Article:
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Page:Dictionary of National Biography volume 47.djvu/108

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Simon Flourish, on 10 Jan. 1797 the first Vortex in Morton's ‘Cure for the Heartache,’ and on 4 March Lord Priory in Mrs. Inchbald's ‘Wives as they were and Men as they are.’ In his last season he was, 23 Nov. 1797, the first Scud in Cumberland's ‘False Impressions,’ 11 Jan. 1798 the first Nicholas in Morton's ‘Secrets worth Knowing,’ and 13 Feb. the first Lord Vibrate in Holcroft's or Fenwick's ‘He's much to blame.’ On 11 April, for his benefit, he gave a description of the Roman puppet show. On 13 April he played his last original part, probably Admiral Delroy, in Cumberland's ‘Eccentric Lover.’ About this time, on the score of declining health, he resigned his long engagement at Covent Garden. His object was to obtain the option of playing less frequently, but much to his disappointment he was not engaged the following season. On 9 May 1799, for the benefit of Miss Leak, he appeared for the first time at Drury Lane, and played Hardy in the ‘Belle's Stratagem,’ and Lovegold in the ‘Miser.’ On 12 June 1800, for O'Keeffe's benefit, he played at Covent Garden Alibi in the ‘Lie of the Day,’ and Drugget in ‘Three Weeks after Marriage;’ and for another benefit appeared next day as Isaac in the ‘Duenna.’ For this part he was engaged at Drury Lane in 1801–2, but he seems to have played no other. In 1809 he took a tour in the north, appearing in Edinburgh, 25 Jan., as Sir Benjamin Dove in the ‘Brothers.’ In 1809—probably on 5 Sept.—still in the same character, he made his first appearance at the Lyceum. On 24 May 1813 he came again from his retirement, taking part at the Haymarket Opera House in a benefit to Mrs. Mattocks, in which he played Don Felix in the ‘Wonder.’ This seems to have been his last appearance. Out of his earnings he saved 10,000l., on the interest of which he lived, residing during his later years in Hornsey Row, subsequently Will's Row, Islington. He was in the habit, up to the last day of his life, of presiding over a ‘social gathering’ held at the King's Head tavern, Islington. He died on 4 April 1831, and was buried beneath the old chapel-of-ease at Lower Holloway. In early life he married at Bristol the daughter of a clergyman named Parker, and had by her a son, William, and a daughter, Mrs. Mary Anne Davenport (Gent. Mag. 1831, i. 74).

Quick, ‘the retired Dioclesian of Islington,’ as Mathews called him, ‘with his squeak like a Bart'lemew fiddle,’ was, on the same authority, a ‘pleasant little fellow,’ without ‘an atom of improper consequence in his composition.’ He was so small in frame that Anthony Pasquin calls him ‘the smart tiny Quick.’ He was held an honest man, and generous without being extravagant. He was the favourite actor of George III, who continually insisted upon his appearance, and is said to have more than once addressed him, and even to have promised, according to a very improbable story, to make his daughter a maid of honour. Quick was unsurpassed in old men. Isaac Mendoza, in the ‘Duenna,’ appears to have been his great part. He was also one of the best of First Gravediggers. Other parts in which he ranked very high were Beau Mordecai, Tony Lumpkin, Poor Vulcan, Little French Lawyer, Dromio of Ephesus, King Arthur in ‘Tom Thumb,’ Bobby Pendragon, Spado, Launce, and Sir John Tremor. Edwin was more popular than Quick, but was not, holds Genest, so good an actor. Edwin had to be fitted with new parts, while on the revival of an old comedy Quick was generally included in the cast. The author of ‘Candid and Impartial Strictures on the Performers,’ &c., 1795, says: ‘His comic talents are purely original, and, though not richly fraught with a mellowness of humour, still possess a certain quaintness and whimsicality that prove such incentives to laughter that the most cynical disposition cannot withstand their influence’ (p. 53). Some want of variety is imputed to him. Davies classes him with Parsons as ‘born to relax the muscles and set mankind a tittering.’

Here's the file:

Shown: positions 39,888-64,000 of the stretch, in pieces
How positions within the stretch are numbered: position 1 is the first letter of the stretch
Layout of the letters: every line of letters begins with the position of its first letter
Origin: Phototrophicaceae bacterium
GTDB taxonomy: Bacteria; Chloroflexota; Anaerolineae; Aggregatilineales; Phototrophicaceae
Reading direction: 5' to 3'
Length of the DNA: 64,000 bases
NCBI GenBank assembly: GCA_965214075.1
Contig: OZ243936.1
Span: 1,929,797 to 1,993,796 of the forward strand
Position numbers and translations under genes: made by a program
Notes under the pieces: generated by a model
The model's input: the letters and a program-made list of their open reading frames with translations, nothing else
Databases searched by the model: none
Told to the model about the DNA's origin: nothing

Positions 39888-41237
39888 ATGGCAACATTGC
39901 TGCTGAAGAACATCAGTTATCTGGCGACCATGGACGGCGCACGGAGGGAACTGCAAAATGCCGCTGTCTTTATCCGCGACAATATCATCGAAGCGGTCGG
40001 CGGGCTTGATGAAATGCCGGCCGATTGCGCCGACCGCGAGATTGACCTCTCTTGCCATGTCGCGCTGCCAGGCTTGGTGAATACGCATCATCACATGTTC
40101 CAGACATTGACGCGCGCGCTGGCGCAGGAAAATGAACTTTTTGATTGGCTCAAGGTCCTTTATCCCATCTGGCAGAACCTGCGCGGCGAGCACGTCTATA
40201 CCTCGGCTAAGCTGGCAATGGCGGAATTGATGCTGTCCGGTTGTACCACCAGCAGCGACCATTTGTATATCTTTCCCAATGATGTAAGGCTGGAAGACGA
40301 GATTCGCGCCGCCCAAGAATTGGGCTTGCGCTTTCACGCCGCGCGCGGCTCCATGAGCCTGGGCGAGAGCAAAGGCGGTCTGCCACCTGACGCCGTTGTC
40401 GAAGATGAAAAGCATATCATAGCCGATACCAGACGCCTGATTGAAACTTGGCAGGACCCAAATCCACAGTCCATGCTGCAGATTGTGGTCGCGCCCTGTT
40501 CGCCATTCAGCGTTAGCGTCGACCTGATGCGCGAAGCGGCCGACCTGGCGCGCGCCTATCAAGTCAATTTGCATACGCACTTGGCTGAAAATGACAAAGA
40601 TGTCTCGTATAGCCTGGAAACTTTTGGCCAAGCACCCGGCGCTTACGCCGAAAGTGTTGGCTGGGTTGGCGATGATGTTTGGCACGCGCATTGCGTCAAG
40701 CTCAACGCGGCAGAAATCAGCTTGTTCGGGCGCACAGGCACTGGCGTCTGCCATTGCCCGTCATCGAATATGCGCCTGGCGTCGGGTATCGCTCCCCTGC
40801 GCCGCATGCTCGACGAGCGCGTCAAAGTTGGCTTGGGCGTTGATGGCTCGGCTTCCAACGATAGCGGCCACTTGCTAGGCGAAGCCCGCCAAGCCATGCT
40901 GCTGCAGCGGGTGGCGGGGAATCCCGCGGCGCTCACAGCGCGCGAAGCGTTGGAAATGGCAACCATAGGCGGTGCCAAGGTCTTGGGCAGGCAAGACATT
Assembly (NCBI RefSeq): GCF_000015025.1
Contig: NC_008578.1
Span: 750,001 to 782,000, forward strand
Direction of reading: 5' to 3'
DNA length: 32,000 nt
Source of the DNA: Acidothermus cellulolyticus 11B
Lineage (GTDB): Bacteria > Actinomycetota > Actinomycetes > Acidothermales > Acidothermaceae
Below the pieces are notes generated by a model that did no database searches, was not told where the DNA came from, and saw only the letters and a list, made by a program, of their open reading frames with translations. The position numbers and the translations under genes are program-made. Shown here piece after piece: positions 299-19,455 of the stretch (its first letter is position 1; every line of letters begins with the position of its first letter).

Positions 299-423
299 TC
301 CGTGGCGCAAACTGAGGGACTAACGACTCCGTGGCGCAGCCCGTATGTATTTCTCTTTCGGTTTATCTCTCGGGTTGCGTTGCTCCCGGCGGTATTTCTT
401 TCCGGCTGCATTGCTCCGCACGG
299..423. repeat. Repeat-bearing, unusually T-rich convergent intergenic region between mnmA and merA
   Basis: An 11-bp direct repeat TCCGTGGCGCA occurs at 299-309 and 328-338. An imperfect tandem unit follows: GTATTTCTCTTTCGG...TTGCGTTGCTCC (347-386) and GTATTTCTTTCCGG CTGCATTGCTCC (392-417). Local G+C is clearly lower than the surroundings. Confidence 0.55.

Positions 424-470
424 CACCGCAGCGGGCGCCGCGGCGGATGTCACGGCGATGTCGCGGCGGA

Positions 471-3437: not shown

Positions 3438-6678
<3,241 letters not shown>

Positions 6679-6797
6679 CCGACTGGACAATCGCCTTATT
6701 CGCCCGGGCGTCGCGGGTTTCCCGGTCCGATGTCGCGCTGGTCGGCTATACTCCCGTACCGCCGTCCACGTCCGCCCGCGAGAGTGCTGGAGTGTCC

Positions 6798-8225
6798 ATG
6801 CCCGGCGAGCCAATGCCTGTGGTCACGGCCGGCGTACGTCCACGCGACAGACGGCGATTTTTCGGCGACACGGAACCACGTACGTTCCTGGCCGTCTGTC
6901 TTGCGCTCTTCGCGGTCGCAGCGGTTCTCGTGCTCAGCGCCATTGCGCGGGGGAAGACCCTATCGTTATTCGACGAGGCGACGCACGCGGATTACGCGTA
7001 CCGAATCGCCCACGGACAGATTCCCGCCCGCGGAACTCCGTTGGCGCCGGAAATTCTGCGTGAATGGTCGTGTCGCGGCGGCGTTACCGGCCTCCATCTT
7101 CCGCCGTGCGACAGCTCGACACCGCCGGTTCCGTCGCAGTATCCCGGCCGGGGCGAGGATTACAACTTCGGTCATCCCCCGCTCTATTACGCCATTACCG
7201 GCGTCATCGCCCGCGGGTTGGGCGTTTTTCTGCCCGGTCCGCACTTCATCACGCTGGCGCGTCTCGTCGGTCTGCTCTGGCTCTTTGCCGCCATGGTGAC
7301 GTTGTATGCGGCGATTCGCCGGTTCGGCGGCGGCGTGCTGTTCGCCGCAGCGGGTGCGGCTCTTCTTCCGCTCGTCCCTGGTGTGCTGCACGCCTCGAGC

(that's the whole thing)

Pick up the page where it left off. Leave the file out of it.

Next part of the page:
A portrait of Quick as Alderman Arable in ‘Speculation,’ with Munden as Project and Lewis as Tanjore, painted by Zoffany at the express desire of George III, is now in the Garrick Club. In this the portrait of Quick is repeated in a picture behind him. Other portraits of him, also in the Garrick Club, are by Dewilde, as Old Doiley in ‘Who's the Dupe?’ by Dupont as Spado in the ‘Castle of Andalusia,’ and by Dighton as Isaac in the ‘Duenna.’ In 1775 Thomas Parkinson painted a scene from ‘She stoops to conquer,’ in which Quick appears as Tony Lumpkin, to the Hardcastle of Shuter and the Mrs. Hardcastle of Mrs. Green. This was engraved by R. Laurie. Somewhat later William Score painted a portrait, which was engraved. An engraving by Charteris of a portrait in the possession of Quick appears in Gilliland's ‘Dramatic Mirror,’ and shows a pleasant and somewhat chubby face (cf. Bromley, Catalogue).

[Works cited; Genest's Account of the English Stage; Richard Jenkins's Memoirs of the Bristol Stage; Wheatley and Cunningham's London Past and Present; Smith's Catalogue of Portraits; Bryan's Dictionary of Painters; Davies's Dramatic Miscellanies; Clark Russell's Representative Actors; Thespian Dictionary;